“It’s going to create major infighting in the party that ultimately leads to failed legislation that undermines support at the ballot box,” a Republican operative in Georgia predicted. “Key groups — women, soft Republicans, swing voters — will reconsider voting for a Republican ticket.”

Meanwhile, in states permitting direct voter participation in lawmaking through referendums, Republican strategists fret abortion rights advocates could use the system to supercharge Democratic turnout by placing initiatives on the ballot to sidestep GOP legislatures and governors. “Initiative and referendum states will get clobbered with massive paid campaigns that will no doubt help Democratic turnout in 2024,” cautioned a Republican operative in Arizona.

With the Supreme Court’s 5–4 decision overturning Roe v. Wade in hand, many Republicans are not content to focus on outlawing abortion in states where voters support anti-abortion policies and have given the party lawmaking majorities.

Some are pushing Congress to enact a national ban if the GOP wins control of the House and Senate on Nov. 8. Some are looking for legal avenues to prevent, or at least deter, women who live in red states from traveling to blue states to access the procedure where it is still allowed. This particularly controversial proposal has been discussed in Missouri and Texas, as abortion opponents there grapple with the limits of state law.

Such moves are being discouraged by conservatives who staunchly oppose abortion rights and have dedicated their political careers to realizing the Dobbs v. Jackson Women’s Health Organization decision issued by the high court on June 24. Why? They are wary of a political backlash that would cost them the moral high ground, preferring the strategy of patient persuasion to chip away at support for legal abortion at any stage of pregnancy that exists in Democratic states.

“In the USA, you can cross state lines,” David O’Steen, executive director of National Right to Life, said flatly. “I’m not aware of any serious discussions around anything like that. We’re going to work within the state to pass the strongest laws we can.” O’Steen is in good company. Supreme Court Justice Brett Kavanaugh wrote in his concurrence to Dobbs that any abortion-related law regulating interstate travel would be blatantly unconstitutional.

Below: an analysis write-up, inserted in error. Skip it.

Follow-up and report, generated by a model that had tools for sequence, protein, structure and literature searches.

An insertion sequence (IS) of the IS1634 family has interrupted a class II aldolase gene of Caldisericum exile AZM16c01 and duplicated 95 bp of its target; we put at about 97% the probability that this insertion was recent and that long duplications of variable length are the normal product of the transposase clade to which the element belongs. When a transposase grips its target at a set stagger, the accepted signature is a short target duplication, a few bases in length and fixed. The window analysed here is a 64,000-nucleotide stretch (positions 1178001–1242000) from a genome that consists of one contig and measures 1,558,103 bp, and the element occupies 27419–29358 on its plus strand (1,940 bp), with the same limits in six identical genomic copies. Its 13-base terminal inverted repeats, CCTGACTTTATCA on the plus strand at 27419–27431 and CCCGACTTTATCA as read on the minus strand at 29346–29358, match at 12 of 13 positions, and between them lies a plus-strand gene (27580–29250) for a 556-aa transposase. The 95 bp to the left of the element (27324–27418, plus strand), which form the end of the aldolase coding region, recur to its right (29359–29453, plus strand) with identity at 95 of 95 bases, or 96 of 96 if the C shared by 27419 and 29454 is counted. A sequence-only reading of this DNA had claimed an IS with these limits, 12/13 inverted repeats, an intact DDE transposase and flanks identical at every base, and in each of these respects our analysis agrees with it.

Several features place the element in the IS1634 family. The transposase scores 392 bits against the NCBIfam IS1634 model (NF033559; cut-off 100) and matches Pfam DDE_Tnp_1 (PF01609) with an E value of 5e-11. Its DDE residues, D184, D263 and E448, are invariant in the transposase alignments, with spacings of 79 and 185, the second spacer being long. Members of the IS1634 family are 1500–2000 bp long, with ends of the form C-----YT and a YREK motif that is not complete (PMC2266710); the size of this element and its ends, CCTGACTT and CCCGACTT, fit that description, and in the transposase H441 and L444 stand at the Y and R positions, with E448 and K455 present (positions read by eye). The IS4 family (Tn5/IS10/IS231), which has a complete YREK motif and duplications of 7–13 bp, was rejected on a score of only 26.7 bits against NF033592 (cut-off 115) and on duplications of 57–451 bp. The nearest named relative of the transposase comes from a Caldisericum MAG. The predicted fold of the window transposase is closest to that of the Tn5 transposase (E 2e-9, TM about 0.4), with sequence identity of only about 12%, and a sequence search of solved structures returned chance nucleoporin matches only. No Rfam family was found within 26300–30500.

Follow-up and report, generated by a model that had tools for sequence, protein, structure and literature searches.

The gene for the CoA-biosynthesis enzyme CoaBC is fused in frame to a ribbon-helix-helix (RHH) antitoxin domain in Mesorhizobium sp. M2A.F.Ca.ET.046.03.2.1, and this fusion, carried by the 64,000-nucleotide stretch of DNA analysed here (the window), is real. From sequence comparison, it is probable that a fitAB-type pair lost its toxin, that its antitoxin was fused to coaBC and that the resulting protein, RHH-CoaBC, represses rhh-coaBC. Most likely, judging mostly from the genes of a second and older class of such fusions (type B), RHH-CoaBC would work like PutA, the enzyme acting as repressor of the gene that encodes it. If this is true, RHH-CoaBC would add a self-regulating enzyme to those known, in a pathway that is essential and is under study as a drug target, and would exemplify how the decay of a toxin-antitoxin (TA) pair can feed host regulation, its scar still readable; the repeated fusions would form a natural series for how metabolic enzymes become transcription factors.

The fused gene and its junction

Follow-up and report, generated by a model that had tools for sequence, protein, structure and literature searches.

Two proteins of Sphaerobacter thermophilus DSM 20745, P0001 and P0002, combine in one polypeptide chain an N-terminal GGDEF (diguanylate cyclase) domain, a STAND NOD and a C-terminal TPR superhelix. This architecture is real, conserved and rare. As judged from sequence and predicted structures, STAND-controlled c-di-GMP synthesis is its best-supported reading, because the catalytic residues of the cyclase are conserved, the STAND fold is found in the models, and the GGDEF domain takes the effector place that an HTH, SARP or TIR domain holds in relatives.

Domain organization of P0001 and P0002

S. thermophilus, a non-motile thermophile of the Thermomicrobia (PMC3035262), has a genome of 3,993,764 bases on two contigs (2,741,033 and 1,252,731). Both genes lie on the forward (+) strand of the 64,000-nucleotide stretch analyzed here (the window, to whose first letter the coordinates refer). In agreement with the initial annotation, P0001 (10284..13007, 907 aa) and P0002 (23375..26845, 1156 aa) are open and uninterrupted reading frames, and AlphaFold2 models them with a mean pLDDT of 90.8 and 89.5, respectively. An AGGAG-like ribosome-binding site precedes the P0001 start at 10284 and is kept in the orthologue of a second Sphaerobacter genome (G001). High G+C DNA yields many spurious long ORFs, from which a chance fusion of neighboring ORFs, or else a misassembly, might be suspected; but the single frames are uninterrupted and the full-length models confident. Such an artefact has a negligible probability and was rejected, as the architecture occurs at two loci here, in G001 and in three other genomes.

A Republican insider in Missouri expects the proposal being bandied about in the Show Me State to be discarded for the simple reason that it is a “messaging loser” and “bad optics.”

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As for a federal abortion ban, already in development by some congressional Republicans who anticipate being in the majority next year, Faith and Freedom Coalition Executive Director Timothy Head said he prefers the state-by-state approach long advocated by conservatives who criticized Roe as constitutionally indefensible aside from moral qualms raised by legalized abortion. “I really prefer to leave it to the states,” he said. “That’s the most prudent way to proceed.”

Head also warned of the political perils of invoking the “nuclear option” — breaking Senate rules to eliminate the 60-vote threshold for legislation — that would surely be required to muscle a bill banning abortion nationally through Congress and to the president’s desk. “As soon as one party eliminates cloture votes in the Senate, the pendulum is going to swing constantly as it relates to this, so I think it’s best to leave this at the state level.”